It's become painfully obvious since the dawn of cinema that Hollywood has a grudge against our little planet here.

From biblical plagues in Cecil B. DeMille movies to Roland Emmerich's ever-gaudier attempts to wipe us out, the death of all or nearly all of humanity has guaranteed boffo box office receipts.

In the modern apocalyptic movie, there are certain conventions that must be followed. For instance, if the disaster involves any sort of violent geological or impact-related upheaval, you must show what happens to either the Statue of Liberty, the White House, the Hollywood sign or the Eiffel Tower.

Lady Liberty alone has lost more heads than all of Henry VIII's wives combined in the last two decades.

Let's take a look at the five most iconic ways moviemakers wipe out our species … the most popular apocalypses, if you will.

But first, take a tissue and blow your nose. You look a little sick ...

The Omega Man, Charlton Heston

No. 5: The megavirus

With "The Omega Man," featuring Charlton Heston at his manliest as the last man on earth, we got a taste of the concept of the megavirus, the superbug that would most likely be engineered by some of our fellow humans and would (because they always do) break loose and kill us by the truckloads.

In the TV world, the miniseries adaptation of Stephen King's "The Stand" added a psychic/mystical component to the mix, with an Extra Special Bonus of small-scale nuclear annihilation.

You can never have too many forms of mass extinction in one movie, right?

"The Andromeda Strain" brought the killer bug in from outer space, a much smaller-scale version of perhaps the most popular way to wipe out humanity.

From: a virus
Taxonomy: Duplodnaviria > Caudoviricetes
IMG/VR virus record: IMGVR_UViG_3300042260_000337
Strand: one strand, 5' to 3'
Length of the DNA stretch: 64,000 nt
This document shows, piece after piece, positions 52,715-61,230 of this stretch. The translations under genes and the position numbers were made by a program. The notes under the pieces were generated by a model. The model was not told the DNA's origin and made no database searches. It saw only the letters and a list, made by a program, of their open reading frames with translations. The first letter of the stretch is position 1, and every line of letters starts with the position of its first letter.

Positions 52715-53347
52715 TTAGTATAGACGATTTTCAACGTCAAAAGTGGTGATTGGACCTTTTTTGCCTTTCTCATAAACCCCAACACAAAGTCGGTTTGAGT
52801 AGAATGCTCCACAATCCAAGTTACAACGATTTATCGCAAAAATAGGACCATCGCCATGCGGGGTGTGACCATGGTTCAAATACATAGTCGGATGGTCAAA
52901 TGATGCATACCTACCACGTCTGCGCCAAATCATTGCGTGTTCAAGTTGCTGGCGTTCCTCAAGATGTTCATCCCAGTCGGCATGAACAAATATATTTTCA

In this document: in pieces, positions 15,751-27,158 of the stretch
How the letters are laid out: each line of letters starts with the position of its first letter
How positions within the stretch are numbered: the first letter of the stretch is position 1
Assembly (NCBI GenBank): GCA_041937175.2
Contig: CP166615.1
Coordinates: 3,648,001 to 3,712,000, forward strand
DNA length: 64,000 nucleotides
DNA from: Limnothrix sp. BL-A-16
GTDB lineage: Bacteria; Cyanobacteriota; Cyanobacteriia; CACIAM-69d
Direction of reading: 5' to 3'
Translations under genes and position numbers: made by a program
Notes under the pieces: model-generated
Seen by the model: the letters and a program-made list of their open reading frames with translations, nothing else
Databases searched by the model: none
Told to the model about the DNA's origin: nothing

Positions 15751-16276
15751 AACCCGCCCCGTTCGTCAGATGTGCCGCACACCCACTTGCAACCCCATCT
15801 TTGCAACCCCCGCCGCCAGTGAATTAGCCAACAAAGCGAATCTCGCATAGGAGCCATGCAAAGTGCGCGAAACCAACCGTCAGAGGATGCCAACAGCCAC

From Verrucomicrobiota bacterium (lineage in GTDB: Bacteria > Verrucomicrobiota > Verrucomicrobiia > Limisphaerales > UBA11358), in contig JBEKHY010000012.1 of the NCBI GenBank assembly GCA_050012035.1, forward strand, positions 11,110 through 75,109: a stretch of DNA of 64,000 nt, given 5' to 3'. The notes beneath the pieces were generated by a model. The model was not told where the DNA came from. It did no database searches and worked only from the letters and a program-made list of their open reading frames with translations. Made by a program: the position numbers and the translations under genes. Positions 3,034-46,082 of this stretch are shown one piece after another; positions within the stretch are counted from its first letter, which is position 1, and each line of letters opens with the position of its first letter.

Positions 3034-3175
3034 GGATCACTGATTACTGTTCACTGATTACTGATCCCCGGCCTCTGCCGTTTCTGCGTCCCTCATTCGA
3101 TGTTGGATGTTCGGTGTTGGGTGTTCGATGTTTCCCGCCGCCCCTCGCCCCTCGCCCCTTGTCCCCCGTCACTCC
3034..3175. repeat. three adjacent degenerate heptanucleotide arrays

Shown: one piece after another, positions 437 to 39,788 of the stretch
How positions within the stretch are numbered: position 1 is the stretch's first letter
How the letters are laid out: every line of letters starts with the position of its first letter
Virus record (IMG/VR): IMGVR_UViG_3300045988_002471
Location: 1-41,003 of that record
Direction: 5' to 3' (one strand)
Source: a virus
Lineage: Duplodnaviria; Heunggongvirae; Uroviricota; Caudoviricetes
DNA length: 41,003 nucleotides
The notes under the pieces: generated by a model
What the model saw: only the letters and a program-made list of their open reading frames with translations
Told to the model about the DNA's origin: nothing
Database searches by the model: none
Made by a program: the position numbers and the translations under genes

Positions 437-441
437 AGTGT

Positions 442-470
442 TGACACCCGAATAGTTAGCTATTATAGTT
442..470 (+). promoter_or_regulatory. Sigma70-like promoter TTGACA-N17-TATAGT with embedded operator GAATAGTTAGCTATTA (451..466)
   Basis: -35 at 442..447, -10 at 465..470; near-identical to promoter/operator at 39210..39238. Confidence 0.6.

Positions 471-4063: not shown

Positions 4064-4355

Which brings us to our next disaster scenario ...

Independence Day, White House

No. 4: Not-so-friendly aliens

H.G. Wells scared the pants off an entire nation with the "War of the Worlds" radio broadcast, and it didn't take long for moviemakers to follow along.

Letting loose a few invincible robots, city-sized spaceships or cunningly disguised aliens to do their dirty work is a surefire recipe for mayhem.

One of the greatest examples of this is "Independence Day," which contrary to popular belief is not a movie at all but rather a collection of every single sci-fi movie cliché ever used stitched together with the flimsiest of plot threads.

That didn't stop it from making roughly 40 bazillion bucks at the box office and gaining the coveted position of being the movie shown at least 10 times a week on Turner-owned stations alone.

But aliens aren't the only things we have to fear coming from the sky ...

Armageddon movie

No. 3: Planet-killing asteroids

The summer of 1998 was a great one if you happened to be a huge mass of iron, nickel and ice prone to spontaneous gas venting and possessed of genocidal intent.

The two biggest movies of the season, "Deep Impact" and "Armageddon," were both centered on the idea of planet-killing asteroids that were about to become unwelcome guests at everyone's backyard cookouts.

"Deep Impact" starred Morgan Freeman, Tea Leoni and Robert Duvall and was a fairly thoughtful, well-plotted yarn that delivered both emotional heft and a tidal wave the size of a televangelist's hair.